- A blue-collar business typically employs people who are trained in manual labor.
- These jobs pay much higher than most people realize, and blue-collar businesses can bill large amounts monthly.
- Because more people than ever are going to college and graduate school, there is a shortage of blue-collar workers.
Do you want to start a lucrative small business? Your best bet might be to go into a blue-collar industry like construction, plumbing or electrical work.
Based on information from a 2016 study from invoicing app Invoice2go, eight of the top 10 highest-earning industries for small business ownership came from the blue-collar sector. At the time, they billed more than $5,000 per month on average.
Bob Briski, then-director of data infrastructure at Invoice2go, said the study's results challenge the perception that you need a four-year college degree to be among the top earners.
"While society tends to push everyone to get a four-year degree, and typically take on a lot of debt in the process, we are seeing countless examples of people carving out a very successful path of their own, particularly in blue-collar industries," Briski wrote on the company's blog. "There's a lot of opportunity out there, and with new technology to make it even easier to thrive as a small business operator, it's ripe for anyone's taking."
For the study, researchers examined the invoicing activity of more than 33,000 U.S.-based Invoice2go users. Earnings were determined by taking the median monthly dollar amount invoiced per month for each business account between January and September 2016. Invoice2go users are typically entrepreneurs, people with side gigs, and owners of microbusinesses (those with fewer than five employees). [See Related Story: The 10 Best (and Worst) Cities for Starting a Business ]
Back in 2016, the top earners were construction small businesses, which invoiced more than $18,000 a month, on average. Based on the research, here were the 25 highest-earning industries for small business ownership in the U.S. and their monthly average invoices in 2016:
- Construction: $18,788
- Roofing: $16,942
- Flooring: $10,602
- Painting: $9,486
- Heating and air conditioning: $8,971
- Carpentry: $8,950
- Plumbing: $8,639
- Electrical: $7,490
- Interiors: $7,347
- Audio: $5,587
- Pool services: $5,412
- Security: $5,283
- Repair: $5,195
- Handyman: $5,194
- Auto repair: $4,35
- Landscaping: $4,030
- Catering: $3,333
- Events: $2,963
- Design: $2,680
- Cleaning: $2,555
- Photography: $2,243
- Fitness: $2,000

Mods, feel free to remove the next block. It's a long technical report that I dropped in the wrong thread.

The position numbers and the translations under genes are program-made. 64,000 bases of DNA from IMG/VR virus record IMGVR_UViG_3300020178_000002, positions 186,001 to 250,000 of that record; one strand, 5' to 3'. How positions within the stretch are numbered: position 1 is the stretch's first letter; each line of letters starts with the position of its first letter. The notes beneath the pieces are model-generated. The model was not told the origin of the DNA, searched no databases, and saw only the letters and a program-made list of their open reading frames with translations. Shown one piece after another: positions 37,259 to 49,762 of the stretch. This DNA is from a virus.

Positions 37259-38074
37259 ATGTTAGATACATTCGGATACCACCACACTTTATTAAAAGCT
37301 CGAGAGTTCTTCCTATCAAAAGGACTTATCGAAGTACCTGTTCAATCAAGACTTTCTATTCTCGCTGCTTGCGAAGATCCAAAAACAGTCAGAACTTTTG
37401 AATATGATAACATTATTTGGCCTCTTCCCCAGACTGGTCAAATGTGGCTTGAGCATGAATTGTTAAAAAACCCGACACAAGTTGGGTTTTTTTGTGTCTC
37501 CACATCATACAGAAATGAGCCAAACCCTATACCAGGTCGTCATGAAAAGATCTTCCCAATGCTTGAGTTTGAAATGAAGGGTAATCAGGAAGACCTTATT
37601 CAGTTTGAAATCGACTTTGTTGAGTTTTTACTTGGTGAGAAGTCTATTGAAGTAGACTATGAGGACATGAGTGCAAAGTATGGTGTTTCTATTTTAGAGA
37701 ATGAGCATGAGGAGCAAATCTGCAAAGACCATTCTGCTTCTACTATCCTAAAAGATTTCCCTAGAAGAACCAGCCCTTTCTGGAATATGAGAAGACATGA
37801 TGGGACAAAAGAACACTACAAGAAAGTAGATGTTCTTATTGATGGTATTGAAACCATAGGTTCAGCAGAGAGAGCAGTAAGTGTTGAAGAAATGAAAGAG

- Technology: $1,895
- Beauty and salon: $1,500
- Bakery: $1,043
According to the National Compensation Survey: Occupational Earnings in the United States, which is published by the U.S. Bureau of Labor Statics, the list has changed a bit. Here are the 10 best paying blue-collar jobs and their annual salaries as of 2019
- Elevator Installer and repairer: $87,518
- Electrical and electronics repairer (powerhouse, substation and relay): $68,084
- Power Plant Operator, Distributor and Dispatcher: $65,846
- Gas Plant Operator: $63,872
- Locomotive Engineer: $63,125
- Electrical Power-Line Installer and repairer: $60,354
- Structural Iron and Steel Worker: $59,224
- Construction and building inspector: $59,144
- Ship and boat captain and operator: $57,910
- Radio and telecommunications equipment installer: $57,149
In addition to looking at specific industries, the researchers at Invoice2Go examined which cities offered blue-collar businesses the greatest earning potential. Here were the highest-earning cities for blue-collar business in the U.S. and their average monthly invoices in 2016:
- Raleigh-Durham, North Carolina: $20,318
- Houston, Texas: $17,219
- Dallas-Fort Worth, Texas: $16,085
- Portland, Oregon: $13,294
- Louis, Missouri: $12,692
- New York City, New York: $12,426
- Sacramento-Stockton-Modesto, California: $12,408
- Seattle-Tacoma, Washington: $12,018
- Charlotte, North Carolina: $11,628
- Miami-Ft. Lauderdale, Florida: $11,586
Despite the high invoice amounts, it is important to remember that these blue-collar businesses might not have been making the most profit, said Mark Bartels, chief financial officer at Invoice2go. One reason construction and roofing topped the list is that the costs of those services to the businesses themselves is high, he said, but those businesses often have low profit margins.
"Remember, what invoicing value doesn't tell you is the underlying cost of goods sold associated with an invoice," Bartels told Business News Daily. "For example, building a $30,000 driveway may yield a smaller profit than someone billing for services like graphic design or consulting, where the only cost of goods sold is the person's time and laptop. "
What is a blue-collar business?
A blue-collar business is a type of business in which the employees perform manual labor. This labor can be either skilled or unskilled. This is a stark contrast to the world of white-collar jobs, where someone typically works in an office and sits at a desk or computer for most of the day.
Blue-collar businesses include those in manufacturing, mining, commercial fishing, pest control, oil fields, recycling and construction, among others. In general, a blue-collar job involves working to build or maintain something. The phrase "blue collar" originated from the blue denim that manual workers tended to wear as part of their work outfits. There is very high demand for blue-collar services, as evidenced by the monthly invoices of many of these businesses.
These are just a few of the many blue-collar jobs that are in high demand across the United States. Because many people are going on to earn college and graduate degrees, there is a shortage of blue-collar workers, which presents a tremendous opportunity for those looking to start and run their own blue-collar business.